Bank of America’s net income hit a record high in fiscal 2021
- Bank of America reported mixed results for its fiscal fourth quarter.
- Jim Cramer discussed earnings on CNBC's "Squawk on the Street".
- BofA forecasts its noninterest expenses to remain flat this year.
Bank of America Corp (NYSE: BAC) popped up nearly 5.0% on Wednesday after the multinational said its profit topped expectations in Q4. But the stock then gave up almost the entire intraday gain on lower-than-expected revenue.
Important points in BofA Q2 report
Bank of America said its net income printed at $6.77 billion or 82 cents per share versus the year-ago figure of $5.21 billion or 59 cents per share. At $22.06 billion, total revenue jumped 9.8% YoY. According to FactSet, experts had forecast 77 cents of EPS on $22.18 billion in revenue.
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Net interest income climbed up 11.3% to beat estimates, thanks to solid growth in loans. Revenue from consumer banking, global wealth and investment management, and global banking was up 8.0%, 16%, and 24%, respectively.
Markets revenue slid 2.0% in the recent quarter primarily on a 10% decline in FICC while equities still rose 3.0%, as per the earnings press release. BofA’s net income jumped to a record $32 billion in fiscal 2021 as a whole.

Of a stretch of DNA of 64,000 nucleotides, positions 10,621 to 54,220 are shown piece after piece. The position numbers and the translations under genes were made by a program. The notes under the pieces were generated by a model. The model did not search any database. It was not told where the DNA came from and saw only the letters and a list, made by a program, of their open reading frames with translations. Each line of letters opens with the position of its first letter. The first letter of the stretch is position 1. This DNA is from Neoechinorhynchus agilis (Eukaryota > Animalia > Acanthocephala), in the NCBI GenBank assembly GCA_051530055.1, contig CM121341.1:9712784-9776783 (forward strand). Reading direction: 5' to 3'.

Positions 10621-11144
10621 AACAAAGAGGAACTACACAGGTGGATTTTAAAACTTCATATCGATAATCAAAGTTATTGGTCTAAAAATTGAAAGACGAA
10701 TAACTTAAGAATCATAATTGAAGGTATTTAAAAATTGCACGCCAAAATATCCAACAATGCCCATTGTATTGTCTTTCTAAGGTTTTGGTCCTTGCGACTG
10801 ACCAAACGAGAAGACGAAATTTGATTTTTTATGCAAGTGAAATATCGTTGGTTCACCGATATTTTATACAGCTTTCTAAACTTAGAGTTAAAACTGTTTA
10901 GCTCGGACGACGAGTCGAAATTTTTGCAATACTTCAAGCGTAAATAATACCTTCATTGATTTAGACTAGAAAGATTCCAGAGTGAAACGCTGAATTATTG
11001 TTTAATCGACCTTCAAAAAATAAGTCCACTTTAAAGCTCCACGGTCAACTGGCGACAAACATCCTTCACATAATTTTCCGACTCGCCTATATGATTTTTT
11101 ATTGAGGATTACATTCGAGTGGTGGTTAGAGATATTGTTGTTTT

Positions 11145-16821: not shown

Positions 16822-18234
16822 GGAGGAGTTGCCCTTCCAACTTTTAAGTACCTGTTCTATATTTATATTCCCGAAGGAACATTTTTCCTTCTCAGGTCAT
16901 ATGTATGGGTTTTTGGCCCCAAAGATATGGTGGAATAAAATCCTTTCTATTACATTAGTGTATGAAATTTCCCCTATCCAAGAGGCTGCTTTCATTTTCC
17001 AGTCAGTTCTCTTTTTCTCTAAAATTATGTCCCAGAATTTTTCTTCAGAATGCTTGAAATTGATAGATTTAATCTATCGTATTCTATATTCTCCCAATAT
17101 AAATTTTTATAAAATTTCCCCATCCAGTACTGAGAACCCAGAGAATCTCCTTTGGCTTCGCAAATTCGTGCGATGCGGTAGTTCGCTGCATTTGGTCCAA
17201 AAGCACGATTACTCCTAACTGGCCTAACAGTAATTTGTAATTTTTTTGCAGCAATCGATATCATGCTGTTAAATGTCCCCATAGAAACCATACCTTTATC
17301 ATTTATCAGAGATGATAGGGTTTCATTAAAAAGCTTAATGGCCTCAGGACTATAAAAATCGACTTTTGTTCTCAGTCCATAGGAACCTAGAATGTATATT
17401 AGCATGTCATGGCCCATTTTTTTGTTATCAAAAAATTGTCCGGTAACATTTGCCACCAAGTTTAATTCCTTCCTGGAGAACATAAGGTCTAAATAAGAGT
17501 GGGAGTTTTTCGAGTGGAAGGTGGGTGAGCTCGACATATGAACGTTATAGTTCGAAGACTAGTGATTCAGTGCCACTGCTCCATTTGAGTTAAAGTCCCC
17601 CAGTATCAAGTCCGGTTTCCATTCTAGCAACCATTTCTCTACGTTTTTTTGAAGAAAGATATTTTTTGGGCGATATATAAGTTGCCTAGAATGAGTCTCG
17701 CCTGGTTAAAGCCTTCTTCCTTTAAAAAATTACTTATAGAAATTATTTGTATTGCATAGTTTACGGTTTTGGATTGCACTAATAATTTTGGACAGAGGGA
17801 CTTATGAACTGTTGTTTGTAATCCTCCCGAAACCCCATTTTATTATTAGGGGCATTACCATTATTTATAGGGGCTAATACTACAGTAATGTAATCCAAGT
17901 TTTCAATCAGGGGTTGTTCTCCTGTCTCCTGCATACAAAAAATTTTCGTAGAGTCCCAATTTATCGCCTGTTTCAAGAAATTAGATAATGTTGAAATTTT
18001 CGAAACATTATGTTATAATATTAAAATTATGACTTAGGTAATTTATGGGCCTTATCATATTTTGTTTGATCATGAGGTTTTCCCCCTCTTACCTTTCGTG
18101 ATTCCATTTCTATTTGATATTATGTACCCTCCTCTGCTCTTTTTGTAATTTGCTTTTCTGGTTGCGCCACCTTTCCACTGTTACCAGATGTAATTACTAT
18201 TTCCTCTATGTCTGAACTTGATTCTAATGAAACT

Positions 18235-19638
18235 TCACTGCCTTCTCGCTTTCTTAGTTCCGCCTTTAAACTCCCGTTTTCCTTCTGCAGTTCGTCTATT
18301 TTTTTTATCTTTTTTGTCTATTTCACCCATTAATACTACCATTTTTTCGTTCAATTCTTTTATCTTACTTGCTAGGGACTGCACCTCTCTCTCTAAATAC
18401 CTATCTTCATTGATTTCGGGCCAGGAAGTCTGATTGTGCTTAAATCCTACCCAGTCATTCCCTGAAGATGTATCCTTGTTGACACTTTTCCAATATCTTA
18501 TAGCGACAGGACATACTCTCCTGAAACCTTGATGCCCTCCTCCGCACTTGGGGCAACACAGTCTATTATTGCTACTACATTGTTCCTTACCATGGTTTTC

Jim Cramer’s take on BofA’s earnings
Bank of America has been benefitting in recent months on talks of aggressive rate hikes in 2022. On CNBC’s “Squawk on the Street”, Jim Cramer said:
BofA has been adding expenses for a while, but now, suddenly, they’ve got the deposits, the Fed’s going to raise rates, and they don’t have to do anything, they just make more money. It’s kind of like 1982 when Greenspan said we’ll let the banks make more money.
On the flip side, however, the Wall Street banks have confirmed that wage inflation is hurting their financial performance. Also on Wednesday, Bank of America said its noninterest expenses are likely to keep flat this year versus JPMorgan, which expects an 8.0% increase in expenses.
Earlier this week, BofA launched CashPro Forecasting.